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     Volume 4 Issue 47 | May 20, 2005 |

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Torao Tokuda:

Dr Torao Tokuda

Providing health for Everyone

Syed Waliul Alam

It may appear as a story out of a Bangla movie. On a dark midnight, an eight-year boy was knocking on the door of a doctor's house in a village, begging the doctor to visit his house where his 10-year-old elder brother was fighting for life. "I am sorry," the doctor replied from his comfortable bed. "It is quite impossible. I am not going to visit your house on this dark night. Go back and bring your brother tomorrow."

The boy was almost desperate. With all his strength, he continued to appeal to the doctor to save his elder brother. The furious doctor finally left the comfort of his bed, opened the door and caught hold of the shoulder of the boy, jolting his whole body. He was then rudely pushed to the walk-way and told to go back home. The thwarted boy returned home alone walking into the dark night to the small village of Tokunoshima, a remote island of Japan. The next morning, just before sunrise, the boy's ailing brother died.

That boy is now a senior citizen of Japan, a Dr Torao Tokuda, known to almost all Japanese by a single name. He is the member of the House of Representatives of Japanese Diet for the fourth time. But more importantly, he is the founder president of Japanese heath sector giant Tokushukai Medical Corporation, the largest single Private Sector Medical Service Provider in the world. "I made a vow to be a doctor on the day my beloved brother left me forever. And now, my dream has come true. I have become a doctor," Tokuda said recalling the memory of his boyhood.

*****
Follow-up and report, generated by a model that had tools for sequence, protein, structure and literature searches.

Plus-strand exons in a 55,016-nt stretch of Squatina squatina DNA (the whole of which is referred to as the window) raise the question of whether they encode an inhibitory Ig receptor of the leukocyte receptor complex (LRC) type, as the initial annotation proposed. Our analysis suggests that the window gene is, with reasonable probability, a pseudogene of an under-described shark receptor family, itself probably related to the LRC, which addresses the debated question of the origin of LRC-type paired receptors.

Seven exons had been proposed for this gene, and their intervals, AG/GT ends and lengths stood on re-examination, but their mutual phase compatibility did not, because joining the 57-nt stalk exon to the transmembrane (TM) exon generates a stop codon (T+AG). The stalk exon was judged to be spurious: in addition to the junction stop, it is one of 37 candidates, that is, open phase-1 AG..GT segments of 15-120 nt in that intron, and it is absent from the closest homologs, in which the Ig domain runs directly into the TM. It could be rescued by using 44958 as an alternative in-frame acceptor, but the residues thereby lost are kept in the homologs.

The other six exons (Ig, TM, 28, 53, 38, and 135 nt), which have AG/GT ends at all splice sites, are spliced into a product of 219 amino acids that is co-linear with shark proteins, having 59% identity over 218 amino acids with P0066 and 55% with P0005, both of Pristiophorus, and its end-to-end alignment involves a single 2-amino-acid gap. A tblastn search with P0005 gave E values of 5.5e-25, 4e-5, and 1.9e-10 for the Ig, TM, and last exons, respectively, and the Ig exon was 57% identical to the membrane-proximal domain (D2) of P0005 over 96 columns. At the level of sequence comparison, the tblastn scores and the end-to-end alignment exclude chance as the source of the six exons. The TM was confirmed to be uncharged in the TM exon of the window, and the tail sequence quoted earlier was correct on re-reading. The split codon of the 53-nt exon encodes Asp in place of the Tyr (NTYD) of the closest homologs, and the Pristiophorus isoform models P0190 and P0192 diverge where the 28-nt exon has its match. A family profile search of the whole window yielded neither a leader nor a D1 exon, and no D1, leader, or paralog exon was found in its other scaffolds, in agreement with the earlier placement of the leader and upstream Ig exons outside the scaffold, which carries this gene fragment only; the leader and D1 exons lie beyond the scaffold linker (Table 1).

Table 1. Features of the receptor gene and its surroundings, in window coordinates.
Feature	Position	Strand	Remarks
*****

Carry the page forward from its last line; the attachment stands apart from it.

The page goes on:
His journey into the medical profession and politics was not an easy one. The boy began working hard at his student life to attain the top grades, while, side-by-side helping his parents at home. He got stipends at all levels of his educational life, including at school and university. He at last obtained his MD degree, a mandatory for being a medical professional in Japan. After university, he landed a job at a government hospital with a dream to ensure access for everyone to the optimum healthcare service, one that his brother was deprived of. But, very soon realised that from his position, it was almost impossible to render better services to the people, particularly those who lived in remote islands. Moreover, he had become an object of ridicule for his colleagues as he would stray from the traditional method of medical services and try to help the unfortunate and deprived people.

Tokuda had to finally leave the government job and began a new struggle. He setup a clinic at his own island - Tukunoshima. Those turned out to be difficult days. The poor residents of the small island could pay little for medical services provided by Tokuda. But, the desperate doctor did not back out from his mission to serve them his best. As new faces appeared in his family, increasing the everyday expenditure, Dr Tokuda was compelled to return to the main island. He borrowed some money mortgaging his life, and started his venture again.